This edition of 30 Days/Dae/Izinsuku covers news items from June 2012 on governance and corruption, parole and sentencing, unsentenced prisoners, prison conditions, South Africans imprisoned abroad, rehabilitation, as well as prison related news from other African countries.

CSPRI Newsletter No. 45
Author: Gwen
Published: Mar 01, 2014

Safety and security: Do the ANC and the DA advocate for more of the same or a shift in policy? This newsletter discusses the policy recommendations of the ANC and the DA on crime prevention and crime combating contained in their respective electoral documentation, in the wake of the next general election.

Protecting the right to personal liberty in Namibia: Constitutional, delictual and comparative perspectives
Author: Jean
Published: Feb 01, 2014

This article was published in AHRLJ Volume 14 No 2 2014. Although the recent Supreme Court of Namibia cases of Alexander v Minister of Home Affairs & Others and Gawanas v Government of the Republic of Namibia were not merely decided under the Criminal Procedure Act 1977 (Namibia), but in terms of special statutes, namely, the Extradition Act 11 of 1996 and the Mental Health Act 18 of 1973 respectively, they nonetheless involved the determination by the Court of the individual right to personal liberty in terms of article 7 of the Constitution of Namibia of 1990, thus bringing the Court face to face with balancing the right to personal liberty against the public interest in the enforcement of the law. Alexander could properly be described as consisting of two parts: the trial judge’s treatment of the limitation clause in the Namibian Constitution, which survived on appeal, and the Supreme Court judgment which turned on the problem of granting bail in the circumstances of extradition proceedings. While Gawanas is a classic illustration of bureaucratic negligence, both cases involve the protection of personal liberty of the individual as against legislative interference and infringement by the agents of state. The lesson emerging therefrom is that the protection of personal liberty under the Namibian Constitution extends to persons, to citizens, foreigners within Namibia and to someone with some form of disability. The other lesson emanating from this study is that a person whose right to personal liberty or dignity has been infringed can ventilate that breach by way of judicial review, contesting the legality of the law or under the principles of administrative justice in the Constitution or the law of delict, alleging wrongfulness, fault and damage.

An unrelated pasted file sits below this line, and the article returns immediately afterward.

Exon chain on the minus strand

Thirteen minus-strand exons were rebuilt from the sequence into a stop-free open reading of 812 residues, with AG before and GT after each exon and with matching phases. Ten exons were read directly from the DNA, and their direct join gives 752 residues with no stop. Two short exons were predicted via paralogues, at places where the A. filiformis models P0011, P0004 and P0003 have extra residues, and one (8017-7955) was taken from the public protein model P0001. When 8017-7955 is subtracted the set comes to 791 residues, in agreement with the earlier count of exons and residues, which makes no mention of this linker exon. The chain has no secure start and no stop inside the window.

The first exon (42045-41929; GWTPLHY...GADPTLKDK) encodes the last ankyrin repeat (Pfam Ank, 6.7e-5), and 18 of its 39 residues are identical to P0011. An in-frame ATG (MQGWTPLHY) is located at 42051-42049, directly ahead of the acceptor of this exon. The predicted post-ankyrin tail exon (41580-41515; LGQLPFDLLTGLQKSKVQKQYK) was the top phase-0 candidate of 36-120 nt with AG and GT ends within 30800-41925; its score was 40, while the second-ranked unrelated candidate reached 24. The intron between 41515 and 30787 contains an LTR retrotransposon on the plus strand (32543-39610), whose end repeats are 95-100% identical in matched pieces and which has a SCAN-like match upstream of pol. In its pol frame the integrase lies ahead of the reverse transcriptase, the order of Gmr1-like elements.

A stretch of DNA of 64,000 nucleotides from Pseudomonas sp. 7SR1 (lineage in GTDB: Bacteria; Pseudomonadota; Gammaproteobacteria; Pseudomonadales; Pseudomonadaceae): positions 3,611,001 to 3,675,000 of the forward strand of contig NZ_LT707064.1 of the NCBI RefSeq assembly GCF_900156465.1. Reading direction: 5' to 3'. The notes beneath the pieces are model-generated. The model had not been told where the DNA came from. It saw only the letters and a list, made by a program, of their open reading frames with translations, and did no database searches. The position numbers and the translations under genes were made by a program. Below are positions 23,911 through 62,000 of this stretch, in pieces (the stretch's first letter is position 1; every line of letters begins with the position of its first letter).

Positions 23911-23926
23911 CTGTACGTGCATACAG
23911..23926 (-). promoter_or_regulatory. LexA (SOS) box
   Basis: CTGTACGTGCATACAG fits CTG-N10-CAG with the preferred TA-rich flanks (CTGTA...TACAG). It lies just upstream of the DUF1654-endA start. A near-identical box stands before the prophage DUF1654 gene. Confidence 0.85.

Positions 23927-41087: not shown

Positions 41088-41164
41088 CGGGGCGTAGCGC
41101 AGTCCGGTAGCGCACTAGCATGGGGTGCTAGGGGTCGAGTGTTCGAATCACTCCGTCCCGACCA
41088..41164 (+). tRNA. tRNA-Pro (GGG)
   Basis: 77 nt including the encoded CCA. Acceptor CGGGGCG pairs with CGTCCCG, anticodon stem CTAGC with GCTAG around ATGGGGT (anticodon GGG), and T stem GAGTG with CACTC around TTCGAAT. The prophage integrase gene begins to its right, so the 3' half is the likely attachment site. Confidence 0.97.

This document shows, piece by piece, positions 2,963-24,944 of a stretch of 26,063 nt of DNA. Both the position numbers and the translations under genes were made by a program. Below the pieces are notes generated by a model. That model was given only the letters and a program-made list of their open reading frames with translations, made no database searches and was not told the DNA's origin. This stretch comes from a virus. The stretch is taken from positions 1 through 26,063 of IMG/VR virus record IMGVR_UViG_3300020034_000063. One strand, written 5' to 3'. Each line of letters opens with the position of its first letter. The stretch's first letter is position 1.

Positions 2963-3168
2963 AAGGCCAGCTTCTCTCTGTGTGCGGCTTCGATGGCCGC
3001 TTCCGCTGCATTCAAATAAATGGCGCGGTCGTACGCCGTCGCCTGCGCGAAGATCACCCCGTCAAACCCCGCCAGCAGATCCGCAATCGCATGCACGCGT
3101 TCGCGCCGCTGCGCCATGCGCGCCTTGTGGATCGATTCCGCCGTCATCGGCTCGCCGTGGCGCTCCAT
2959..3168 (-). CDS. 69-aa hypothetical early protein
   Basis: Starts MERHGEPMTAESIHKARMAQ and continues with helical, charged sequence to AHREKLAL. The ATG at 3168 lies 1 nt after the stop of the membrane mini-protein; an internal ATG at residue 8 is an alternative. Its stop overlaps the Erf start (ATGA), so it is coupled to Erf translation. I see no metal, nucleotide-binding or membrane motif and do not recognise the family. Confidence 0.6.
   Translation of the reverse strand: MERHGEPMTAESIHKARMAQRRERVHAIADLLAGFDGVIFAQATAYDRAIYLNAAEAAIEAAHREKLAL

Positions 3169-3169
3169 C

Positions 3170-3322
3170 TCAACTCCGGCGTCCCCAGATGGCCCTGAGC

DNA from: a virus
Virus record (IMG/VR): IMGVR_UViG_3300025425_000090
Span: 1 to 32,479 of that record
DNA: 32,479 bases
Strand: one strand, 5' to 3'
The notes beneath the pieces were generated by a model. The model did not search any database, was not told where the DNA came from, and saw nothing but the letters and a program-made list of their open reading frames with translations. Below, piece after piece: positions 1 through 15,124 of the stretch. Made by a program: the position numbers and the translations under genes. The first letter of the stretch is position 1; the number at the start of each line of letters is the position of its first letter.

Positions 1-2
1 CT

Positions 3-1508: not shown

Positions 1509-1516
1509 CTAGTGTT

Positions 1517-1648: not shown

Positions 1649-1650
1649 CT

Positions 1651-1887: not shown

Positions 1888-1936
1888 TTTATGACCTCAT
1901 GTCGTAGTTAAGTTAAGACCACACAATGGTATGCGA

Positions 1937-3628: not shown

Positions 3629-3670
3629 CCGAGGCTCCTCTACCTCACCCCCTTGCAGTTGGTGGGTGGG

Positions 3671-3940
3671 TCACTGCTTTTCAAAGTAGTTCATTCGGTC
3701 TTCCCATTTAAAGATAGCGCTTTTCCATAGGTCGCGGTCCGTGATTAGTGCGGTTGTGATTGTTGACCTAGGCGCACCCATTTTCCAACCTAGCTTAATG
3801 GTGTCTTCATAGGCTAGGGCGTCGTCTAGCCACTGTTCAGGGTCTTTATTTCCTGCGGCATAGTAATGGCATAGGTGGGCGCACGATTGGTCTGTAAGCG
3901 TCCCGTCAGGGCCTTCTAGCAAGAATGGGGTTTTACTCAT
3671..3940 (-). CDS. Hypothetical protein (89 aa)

Constitution of the Tunisian Republic (2014)
Author: Jean
Published: Jan 26, 2014

This document constitutes a non-official translation of the text of the Constitution submitted for adoption, in plenary session of the National Constituent Assembly, on January 26, 2014. This translation is provided by the UNDP Project Supporting the Constitutional Process, the National Assembly and the National Dialogue With the financial contribution of Japan, Belgium, the European Union, Sweden, Norway, Denmark,Switzerland and UNDP.

Newsletter 7: Women in pre-trial detention in DRC; Conditions at Mpimba Prison; Legal assistance for detainees in Angola; Uniforms for remand detainees in South Africa
Author: Jean
Published: Jan 22, 2014

In this edition of the PPJA Newsletter we look at: * Women in pre-trial detention: Held for their partners' crimes in Democratic Republic of Congo * Conditions at Mpimba Prison in Bujumbura: Failure to separate men and women and overcrowding * Legal Assistance for detainees in Angola: NGO gains access to impoverished detainees * Uniforms for remand detainees in South Africa: Pilot uniforms launched

30 Days/Dae/Izinsuku November 2013
Author: jacob
Published: Dec 04, 2013

This edition of 30 Days/Dae/Izinsuku covers news items from June 2012 on governance and corruption, parole and sentencing, unsentenced prisoners, prison conditions, South Africans imprisoned abroad, rehabilitation, as well as prison related news from other African countries.

Survey of Detention Visiting Mechanisms in Africa
Author: Jean
Published: Dec 03, 2013

People held in places of detention are at risk of suffering violations of human rights because they are usually detained out of sight and their well-being is not prioritised by states. Domestic and international laws prescribe the procedures through which and conditions under which people may be held in detention. The function of detention oversight institutions is to ensure that state institutions comply with these human rights laws and are held accountable for any non-compliance.